Researchers working on extremism and terrorism can be exposed to external, internal, and professional harms. | Foto: | Lizenzinformation

How can research on topics surrounding radicalization, extremism, and terrorism be safe and socially sustainable?

Research on extremism and related phenomena such as radicalization or terrorism is emotionally demanding and can even become dangerous, in part because it frequently means engaging with intense, and at times violent, societal conflict. The most recent escalation in the Israel-Palestine conflict is a poignant example of this, in which researchers specialized in antisemitism, Islamophobia, or Islamist and right-wing extremism are expected to keep up with fast-paced developments while simultaneously navigating the emotional impact of unfolding violence. This blog post highlights the difficulties researchers face in this field and proposes suggestions for addressing these challenges at the institutional and structural levels. 


Unequal gender dynamics can contribute to peacekeepers abusing their power. | Foto: dimitrisvetsikas1969 via Pixabay | Content License

Beyond Zero Tolerance: The Persisting Challenge of Sexual Abuse by UN Peacekeepers

The United Nations (UN) deploys peacekeepers worldwide to help build peace and security. Meanwhile, a serious problem persists: sexual exploitation and abuse (SEA) perpetrated by peacekeepers. Despite extensive efforts, including codes of conduct, sanctions, and training, reports of sexual abuse by peacekeepers continue within mission contexts. By drawing on UN documents aiming at ending SEA by regulating peacekeepers’ behaviour, this blog article examines the gender dimensions of the rules. I argue that a military masculinity culture is reflected in the UN rules that perpetuate instead of fight the risk of SEA.


Men in military uniforms on stage, raising their hands in the air.
August 6, 2023: General Abdourahmane Tchiani, Commander of the Presidential Guard Regiment, who headed the transitional government, attends the demonstration of coup supporters at a stadium in the capital city of Niger, Niamey. Photo: © picture alliance / AA | Balima Boureima.

Back in Business or Never Out? Military Coups and Political Militarization in Sub-Sahara Africa

This Spotlight discusses the resurgence of military coups in Sub-Saharan Africa. We argue that an analytical and political focus on coup events misses out on the bigger picture of military influence in politics. Introducing the new Multidimensional Measures of Militarization (M3) dataset, we demonstrate that African countries that were part of the recent wave of coups, previously showed signs of political militarization such as military veto powers and impunity. We conclude that these subtle forms of military influence can serve as early warning indicators for military coups.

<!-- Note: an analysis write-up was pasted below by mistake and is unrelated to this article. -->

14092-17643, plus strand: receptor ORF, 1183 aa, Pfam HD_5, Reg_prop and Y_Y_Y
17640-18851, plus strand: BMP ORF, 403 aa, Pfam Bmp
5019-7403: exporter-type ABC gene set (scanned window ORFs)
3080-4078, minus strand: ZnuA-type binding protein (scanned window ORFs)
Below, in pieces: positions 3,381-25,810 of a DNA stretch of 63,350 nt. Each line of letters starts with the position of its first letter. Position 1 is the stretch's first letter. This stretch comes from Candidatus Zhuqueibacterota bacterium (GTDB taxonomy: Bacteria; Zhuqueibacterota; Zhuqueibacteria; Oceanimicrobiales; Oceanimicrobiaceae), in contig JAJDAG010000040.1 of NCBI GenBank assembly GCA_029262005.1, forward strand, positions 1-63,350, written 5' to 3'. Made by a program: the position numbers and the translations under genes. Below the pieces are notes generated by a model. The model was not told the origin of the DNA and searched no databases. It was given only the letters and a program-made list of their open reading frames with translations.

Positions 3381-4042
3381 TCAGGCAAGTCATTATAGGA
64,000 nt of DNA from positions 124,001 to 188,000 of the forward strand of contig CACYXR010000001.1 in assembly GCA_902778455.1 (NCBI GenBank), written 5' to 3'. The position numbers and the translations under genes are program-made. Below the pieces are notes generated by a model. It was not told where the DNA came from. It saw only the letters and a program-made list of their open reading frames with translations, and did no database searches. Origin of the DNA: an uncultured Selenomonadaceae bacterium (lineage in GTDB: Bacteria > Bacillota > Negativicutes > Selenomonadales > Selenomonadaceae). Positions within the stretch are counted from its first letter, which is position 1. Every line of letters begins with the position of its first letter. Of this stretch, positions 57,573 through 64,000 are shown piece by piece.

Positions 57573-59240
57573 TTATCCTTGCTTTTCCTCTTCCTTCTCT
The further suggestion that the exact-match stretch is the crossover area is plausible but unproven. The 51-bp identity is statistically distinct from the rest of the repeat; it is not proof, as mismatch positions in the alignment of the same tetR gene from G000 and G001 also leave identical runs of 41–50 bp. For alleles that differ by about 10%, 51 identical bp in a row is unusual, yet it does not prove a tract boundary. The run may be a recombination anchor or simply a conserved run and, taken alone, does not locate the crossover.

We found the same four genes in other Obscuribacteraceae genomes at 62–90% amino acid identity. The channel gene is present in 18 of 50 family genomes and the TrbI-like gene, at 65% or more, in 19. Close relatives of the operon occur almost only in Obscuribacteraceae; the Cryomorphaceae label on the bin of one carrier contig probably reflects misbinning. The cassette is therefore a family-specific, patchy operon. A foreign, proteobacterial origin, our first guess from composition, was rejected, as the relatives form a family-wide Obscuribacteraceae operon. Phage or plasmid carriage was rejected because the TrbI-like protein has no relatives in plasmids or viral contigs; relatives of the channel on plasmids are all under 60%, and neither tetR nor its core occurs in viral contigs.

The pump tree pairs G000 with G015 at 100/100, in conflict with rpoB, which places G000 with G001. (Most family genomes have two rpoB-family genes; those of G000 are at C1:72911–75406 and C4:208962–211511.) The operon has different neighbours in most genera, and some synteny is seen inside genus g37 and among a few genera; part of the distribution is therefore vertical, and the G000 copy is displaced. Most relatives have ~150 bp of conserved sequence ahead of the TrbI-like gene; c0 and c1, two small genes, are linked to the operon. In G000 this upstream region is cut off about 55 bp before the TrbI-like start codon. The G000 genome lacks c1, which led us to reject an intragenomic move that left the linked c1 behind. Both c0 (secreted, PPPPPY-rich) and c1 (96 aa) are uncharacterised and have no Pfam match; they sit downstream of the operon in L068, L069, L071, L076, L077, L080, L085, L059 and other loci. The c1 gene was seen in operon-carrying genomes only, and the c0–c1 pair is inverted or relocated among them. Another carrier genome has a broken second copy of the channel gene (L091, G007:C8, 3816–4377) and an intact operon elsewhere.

Building with writing "Thilawa Special Economic Zone" that has closed gates and barriers in the driveway
Hitting a roadblock: development projects like the Japan-sponsored Thilawa Special Economic Zone have struggled following the 2021 coup in Myanmar. Source: Taipei Economic and Cultural Office in Myanmar.

Do regime differences shape developmental engagement? How China and Japan compete in post-coup Myanmar

The 2021 military coup in Myanmar has left the country significantly isolated on the world stage. Politically, foreign governments have avoided recognizing the junta rulers, although quasi-official engagement is still underway. Economically, foreign investments into Myanmar have dropped by 42% from 2021 to 2022, off levels that had already massively decreased since the 2017 Rohingya expulsion. However, despite the international outcry over the new regime’s open warfare against civilians and the escalating violence in Myanmar’s multi-front civil war, both China and Japan have remained engaged in development cooperation, pursuing ambitious projects for economic corridors and special economic zones (SEZs) that were contracted under the deposed civilian government; in the case of China, even some new projects have been launched. 


Building at river by sunset
View of the German Reichstag in Berlin at sunset | Photo: Michabka via wikimedia commons | CC BY-SA 4.0

Israel–Gaza: A German War Discourse

The way the escalation of violence in Israel, the Gaza Strip, and adjacent areas in the region is discussed in Germany is, in many respects, not surprising. It follows the structural dynamics of war discourses: the polarization into a friend–enemy schema; the negation of moral ambivalence; patterns of legitimation which suggest that the actions of one side are more than justified by the previous actions of the other side; the compulsion of the threat situation, discrediting reflection and distancing as inappropriate; the construction of unparalleled amorality; the circumvention of humane standards through dehumanization of the enemy; the simplification of an inherently complex situation.